A week after Tropical Cyclone Idai lashed Mozambique with winds of nearly 200 kilometers (120 miles) per hour, rescue efforts rose a gear but the situation was often chaotic.
Humanitarian agencies are racing to rescue those still trapped, feed those who have been brought to safety and protect them from malaria and cholera.
"We are running out of time, it is at a critical point here," UNICEF chief Henrietta Fore told Agence France-Presse (AFP) after she flew into the devastated port city of Beira from New York.
Hygiene and safe drinking water are absolute priorities, she warned.
"There's stagnant water, it's not draining, decomposing bodies, lack of good hygiene and sanitation," Fore said. "We are worried about cholera, about malaria, because of the stagnant water."
World Food Programme (WFP) spokesman Gerald Bourke said the aid effort was "slow to start, (but)...is now accelerating, thankfully."
"We are not yet where it needs to be," Bourke told AFP.
"We are broadening the effort. It’s going to take a lot more because this is going to run for quite a while."
Relief agencies said the gravity of the cyclone and scale of the flooding it unleashed had been stunning.
The confirmed death toll in Mozambique and neighboring Zimbabwe reached 432 on Friday, with 293 killed in Mozambique, and around 1.7 million people affected.
Districts west of the Mozambican port city of Beira resemble an inland lake, and thousands of people are still trapped on rooftops and on tree branches.
More than 65,000 people are already in shelters across in central Mozambique and other sites are being opened.
In Dondo, near Beira, food distribution finally started on Thursday, March 21, at one of 20 schools transformed into emergency shelters.
"Today is the first day we receive help," said survivor Marta Antonio.
"But they don't give it to everyone, they only give it to those who are in the rooms. But those outside receive nothing," she said.
Victims who were not housed in the centers were frustrated.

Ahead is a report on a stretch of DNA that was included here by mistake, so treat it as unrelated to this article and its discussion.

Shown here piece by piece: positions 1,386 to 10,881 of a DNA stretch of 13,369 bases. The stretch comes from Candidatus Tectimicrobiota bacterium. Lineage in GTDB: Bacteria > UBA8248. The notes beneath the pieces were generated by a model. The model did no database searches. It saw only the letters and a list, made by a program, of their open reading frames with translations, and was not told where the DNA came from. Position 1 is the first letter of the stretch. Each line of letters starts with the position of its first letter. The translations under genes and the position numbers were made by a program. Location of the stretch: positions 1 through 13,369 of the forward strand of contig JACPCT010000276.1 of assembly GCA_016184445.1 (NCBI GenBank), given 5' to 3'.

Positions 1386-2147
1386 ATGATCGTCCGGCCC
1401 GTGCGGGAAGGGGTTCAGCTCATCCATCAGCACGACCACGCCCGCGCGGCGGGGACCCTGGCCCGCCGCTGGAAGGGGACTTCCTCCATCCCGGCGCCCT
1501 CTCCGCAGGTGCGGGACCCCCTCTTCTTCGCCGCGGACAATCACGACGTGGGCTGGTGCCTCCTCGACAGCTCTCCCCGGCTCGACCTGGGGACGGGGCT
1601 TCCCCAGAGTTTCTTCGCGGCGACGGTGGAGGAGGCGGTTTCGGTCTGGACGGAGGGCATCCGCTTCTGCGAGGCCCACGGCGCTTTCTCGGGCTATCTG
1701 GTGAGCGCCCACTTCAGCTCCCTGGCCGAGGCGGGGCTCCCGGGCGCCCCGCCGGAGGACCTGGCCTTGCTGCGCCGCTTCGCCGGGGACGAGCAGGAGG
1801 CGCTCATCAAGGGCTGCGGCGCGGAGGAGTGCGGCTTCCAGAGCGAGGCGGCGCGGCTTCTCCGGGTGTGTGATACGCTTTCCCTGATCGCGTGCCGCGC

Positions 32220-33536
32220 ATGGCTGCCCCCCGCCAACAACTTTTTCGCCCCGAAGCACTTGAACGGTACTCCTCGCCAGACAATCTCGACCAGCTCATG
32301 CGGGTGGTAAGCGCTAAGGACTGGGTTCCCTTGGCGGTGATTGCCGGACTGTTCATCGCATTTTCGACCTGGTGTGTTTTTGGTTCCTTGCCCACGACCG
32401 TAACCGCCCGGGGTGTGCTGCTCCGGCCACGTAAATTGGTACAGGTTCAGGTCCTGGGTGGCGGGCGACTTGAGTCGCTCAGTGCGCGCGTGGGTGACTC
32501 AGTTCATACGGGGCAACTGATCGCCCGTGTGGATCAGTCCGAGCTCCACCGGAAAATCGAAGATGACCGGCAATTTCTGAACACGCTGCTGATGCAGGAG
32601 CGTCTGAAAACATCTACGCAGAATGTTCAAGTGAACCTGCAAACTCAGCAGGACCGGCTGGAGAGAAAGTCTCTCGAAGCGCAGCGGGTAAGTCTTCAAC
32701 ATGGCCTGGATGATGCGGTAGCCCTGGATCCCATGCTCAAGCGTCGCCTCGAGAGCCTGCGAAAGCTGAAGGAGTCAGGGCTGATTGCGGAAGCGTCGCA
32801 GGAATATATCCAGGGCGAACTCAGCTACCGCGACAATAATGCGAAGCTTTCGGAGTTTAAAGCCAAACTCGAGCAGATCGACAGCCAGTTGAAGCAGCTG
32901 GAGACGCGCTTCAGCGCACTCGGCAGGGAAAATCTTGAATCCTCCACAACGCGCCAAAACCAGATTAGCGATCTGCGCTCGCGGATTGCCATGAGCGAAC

They complained that they had been forgotten and for those lining up for something to eat, the food was insufficient.
"I have 4 children, and they're only going to eat bread? Give me a bag of aid," demanded one man, who did not give his name.
In Beira's Samora Machel Secondary School, where President Filipe Nyusi was educated, more than a thousand people had found shelter. Around 200 of them on Friday slept on the floor of an indoor basketball court.
"Everything is difficult here. I'm fighting for my children to have something to eat," Celeste Dambo, who said that by by lunchtime had not yet eaten anything since the previous night.
On Wednesday, March 20, crowds of people looted a warehouse, taking away sacks of rice marked "China Aid."
"People have suffered for weeks here, and they are understandably worried. This is a very difficult situation, on a massive scale, the response is building, you’re going to have hiccups, (but) a lot more people are weighing in," said Bourke.
The United Nations has launched an appeal for assistance but said it did not yet have enough information to give an accurate estimate of the need.
The United States said Thursday it had sent a team to cyclone-hit Mozambique to provide safe drinking water and other necessities.
The global response could be scaled up once the scope of the disaster becomes clear.
Helicopters and drones
Neighboring South Africa has had teams in Mozambique for nearly a week, having sent in rescue teams 24 hours after the cyclone struck, helping airlifting people from trees and rooftops.
"There’s hundreds of people that we've removed to safety, but now there is a second phase of the operation," to provide humanitarian aid to the displaced," inspector general Padi Khoase of the South African army told AFP.
There are still some 15,000 stranded people "in bad shape" and still needing to be saved, many of them on rooftops or even in trees, Mozambican Land and Environmental Minister Celso Correia said on Thursday.
On Friday authorities were to deploy new techniques in order to calibrate their response.
"We are using drones, and we will get a better idea of the affected zones," said Correia. – Rappler.com